Youth sentence overturned, man gets life for 2013 murder
A FORMER gang associate who shot a 20-year-old man in the back for no apparent reason has been sentenced to life in prison after Manitoba’s highest court overturned his seven-year youth sentence and ordered he be sent to prison as an adult.
Anthony James Nick McClements was 17 when he shot Nigel Dixon in the middle of the afternoon on April 2, 2013. The bullet killed Dixon and seriously injured his stepsister, Samantha Meekis, who had been walking in front of him.
The victims and their friends weren’t part of a gang — and that’s what they told members of the Mad Cowz street gang who surrounded them in a residential back lane in Winnipeg’s downtown.
Dixon and his friends were on their way to play pool that afternoon. They didn’t have gang affiliations — Meekis told the Mad Cowz they were from “the rez.”
While gang members retreated to let the other group pass, single file through the back lane, McClements followed Dixon’s group, even though other members of the gang told him not to. He pulled out a 9-mm handgun and fired four or five shots at Dixon. Two of the bullets hit Meekis.
After McClements pleaded guilty to second-degree murder in 2015, Court of Queen’s Bench Justice Colleen Suche dismissed the Crown’s request to have him sentenced as an adult. Under the Youth Criminal Justice Act, the maximum youth sentence for seconddegree murder is seven years, with four of those spent in custody and three on community supervision.
That had been McClements’ punishment, until the Crown argued its case at the Court of Appeal.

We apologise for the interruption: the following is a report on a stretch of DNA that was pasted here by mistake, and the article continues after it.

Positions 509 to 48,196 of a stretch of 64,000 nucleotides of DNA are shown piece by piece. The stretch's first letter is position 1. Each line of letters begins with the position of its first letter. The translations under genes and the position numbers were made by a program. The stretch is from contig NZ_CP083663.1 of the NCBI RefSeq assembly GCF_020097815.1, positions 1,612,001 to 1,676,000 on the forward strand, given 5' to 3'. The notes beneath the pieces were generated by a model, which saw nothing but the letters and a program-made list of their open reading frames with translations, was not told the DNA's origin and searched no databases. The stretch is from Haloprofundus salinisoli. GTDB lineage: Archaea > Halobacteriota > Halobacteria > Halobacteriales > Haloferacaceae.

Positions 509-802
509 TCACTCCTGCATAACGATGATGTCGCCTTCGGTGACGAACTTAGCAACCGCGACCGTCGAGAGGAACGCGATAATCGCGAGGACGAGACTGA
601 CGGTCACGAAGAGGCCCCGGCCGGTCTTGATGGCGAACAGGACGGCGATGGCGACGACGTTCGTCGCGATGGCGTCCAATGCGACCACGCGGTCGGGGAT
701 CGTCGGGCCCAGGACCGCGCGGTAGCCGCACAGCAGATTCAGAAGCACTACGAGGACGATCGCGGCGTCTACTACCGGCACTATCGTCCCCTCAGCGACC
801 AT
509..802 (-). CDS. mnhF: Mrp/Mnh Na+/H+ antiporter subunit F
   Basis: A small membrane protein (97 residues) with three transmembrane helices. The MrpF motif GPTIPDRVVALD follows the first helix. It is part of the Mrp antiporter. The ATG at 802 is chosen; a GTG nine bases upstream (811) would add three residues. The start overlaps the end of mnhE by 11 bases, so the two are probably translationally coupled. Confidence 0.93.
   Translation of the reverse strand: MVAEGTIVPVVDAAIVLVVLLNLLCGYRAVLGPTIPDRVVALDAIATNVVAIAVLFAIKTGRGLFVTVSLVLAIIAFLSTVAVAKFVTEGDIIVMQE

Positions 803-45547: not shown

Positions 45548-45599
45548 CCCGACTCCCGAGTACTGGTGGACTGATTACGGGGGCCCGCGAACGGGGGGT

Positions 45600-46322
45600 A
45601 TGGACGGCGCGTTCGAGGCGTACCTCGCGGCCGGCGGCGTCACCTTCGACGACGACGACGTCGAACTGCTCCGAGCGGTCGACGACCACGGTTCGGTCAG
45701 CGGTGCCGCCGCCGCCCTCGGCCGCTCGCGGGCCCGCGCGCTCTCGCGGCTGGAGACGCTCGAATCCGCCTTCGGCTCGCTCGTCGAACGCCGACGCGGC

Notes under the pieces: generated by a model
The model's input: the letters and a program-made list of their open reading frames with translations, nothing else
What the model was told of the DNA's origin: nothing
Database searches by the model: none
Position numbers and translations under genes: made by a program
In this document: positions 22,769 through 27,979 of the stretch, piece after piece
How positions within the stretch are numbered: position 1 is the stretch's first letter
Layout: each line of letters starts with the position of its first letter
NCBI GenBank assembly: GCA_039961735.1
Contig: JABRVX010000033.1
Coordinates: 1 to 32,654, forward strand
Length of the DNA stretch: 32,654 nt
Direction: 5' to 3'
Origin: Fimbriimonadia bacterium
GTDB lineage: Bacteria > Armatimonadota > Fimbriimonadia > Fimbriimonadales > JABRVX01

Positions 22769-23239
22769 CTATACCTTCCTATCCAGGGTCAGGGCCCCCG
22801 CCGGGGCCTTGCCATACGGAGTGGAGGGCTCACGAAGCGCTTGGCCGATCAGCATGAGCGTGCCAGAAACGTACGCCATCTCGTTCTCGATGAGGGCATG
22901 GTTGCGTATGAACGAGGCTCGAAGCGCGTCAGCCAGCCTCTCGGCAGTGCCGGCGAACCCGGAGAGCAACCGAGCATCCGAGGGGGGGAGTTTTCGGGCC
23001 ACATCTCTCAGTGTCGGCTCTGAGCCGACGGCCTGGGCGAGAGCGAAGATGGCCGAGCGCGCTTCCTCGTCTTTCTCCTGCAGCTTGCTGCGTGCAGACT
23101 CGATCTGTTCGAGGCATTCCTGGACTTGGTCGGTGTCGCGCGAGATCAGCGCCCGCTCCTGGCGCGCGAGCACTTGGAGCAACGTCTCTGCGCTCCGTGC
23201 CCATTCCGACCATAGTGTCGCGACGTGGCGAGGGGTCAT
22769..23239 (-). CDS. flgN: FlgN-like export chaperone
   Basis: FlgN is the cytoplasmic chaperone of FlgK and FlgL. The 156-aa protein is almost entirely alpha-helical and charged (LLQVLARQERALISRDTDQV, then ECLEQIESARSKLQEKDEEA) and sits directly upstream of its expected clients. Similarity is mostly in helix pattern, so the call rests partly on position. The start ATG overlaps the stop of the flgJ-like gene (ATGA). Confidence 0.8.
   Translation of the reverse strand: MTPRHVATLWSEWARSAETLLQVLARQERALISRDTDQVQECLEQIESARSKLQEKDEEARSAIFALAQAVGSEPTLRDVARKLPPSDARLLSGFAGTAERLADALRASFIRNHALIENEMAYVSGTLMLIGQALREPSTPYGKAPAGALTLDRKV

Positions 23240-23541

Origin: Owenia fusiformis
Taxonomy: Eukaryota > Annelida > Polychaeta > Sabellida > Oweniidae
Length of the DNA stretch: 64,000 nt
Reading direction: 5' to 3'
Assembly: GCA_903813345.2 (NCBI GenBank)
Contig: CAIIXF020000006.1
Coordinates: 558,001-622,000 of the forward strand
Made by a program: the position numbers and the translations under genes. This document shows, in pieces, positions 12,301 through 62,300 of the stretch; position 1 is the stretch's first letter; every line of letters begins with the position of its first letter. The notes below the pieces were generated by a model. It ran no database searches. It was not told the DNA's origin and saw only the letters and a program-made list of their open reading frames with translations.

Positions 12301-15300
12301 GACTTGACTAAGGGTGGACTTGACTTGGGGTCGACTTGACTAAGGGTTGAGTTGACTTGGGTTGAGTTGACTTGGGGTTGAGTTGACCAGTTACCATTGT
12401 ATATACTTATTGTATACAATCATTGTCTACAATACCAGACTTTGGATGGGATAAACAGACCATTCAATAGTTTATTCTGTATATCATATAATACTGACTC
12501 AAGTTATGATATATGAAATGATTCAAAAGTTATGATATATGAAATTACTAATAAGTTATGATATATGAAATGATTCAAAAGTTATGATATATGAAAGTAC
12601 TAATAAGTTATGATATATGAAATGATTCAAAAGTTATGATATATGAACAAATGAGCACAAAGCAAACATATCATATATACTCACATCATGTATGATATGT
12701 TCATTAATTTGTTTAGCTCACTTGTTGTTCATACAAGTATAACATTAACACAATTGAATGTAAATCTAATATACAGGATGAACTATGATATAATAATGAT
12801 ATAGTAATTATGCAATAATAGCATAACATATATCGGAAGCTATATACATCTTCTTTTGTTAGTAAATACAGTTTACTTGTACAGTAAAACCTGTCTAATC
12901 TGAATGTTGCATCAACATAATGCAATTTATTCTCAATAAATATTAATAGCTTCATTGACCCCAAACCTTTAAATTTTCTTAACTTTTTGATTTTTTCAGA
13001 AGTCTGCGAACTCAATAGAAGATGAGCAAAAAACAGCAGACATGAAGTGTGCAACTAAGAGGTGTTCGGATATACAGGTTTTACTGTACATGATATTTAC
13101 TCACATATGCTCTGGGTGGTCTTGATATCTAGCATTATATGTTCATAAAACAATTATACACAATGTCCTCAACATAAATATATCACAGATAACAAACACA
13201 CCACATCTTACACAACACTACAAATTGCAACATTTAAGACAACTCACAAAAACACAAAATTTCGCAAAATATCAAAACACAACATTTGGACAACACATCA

In a decision issued Monday, the appeal court ruled Suche made several mistakes in her decision not to sentence McClements as an adult. Suche had considered McClements, who was nearly 18 at the time of the shooting, mature beyond his years and with no cognitive difficulties, but the appeal court decided she didn’t properly consider the level of accountability McClements should bear for the shooting.
Despite describing the shooting as “inexplicable,” Suche had noted McClements had no previous criminal record and wrote in her decision “he is a serious and hardworking student and academically has accomplished a great deal.”
“These errors were material, in that they impacted the sentence in more than just an incidental way. Given his high degree of moral blameworthiness, a youth sentence would not be sufficient in length to hold the respondent accountable for the shocking murder of Nigel Dixon,” Court of Appeal Justice Barbara Hamilton wrote in the decision, also signed by justices Holly Beard and Jennifer Pfuetzner.
The appeal court imposed a new life sentence on McClements. In this case, Hamilton wrote, the maximum youth sentence was “simply not long enough to reflect the seriousness of the offence and the respondent’s role in it.”
The youth sentence for 17-year-old Anthony McClements was overturned by the Court of Appeal.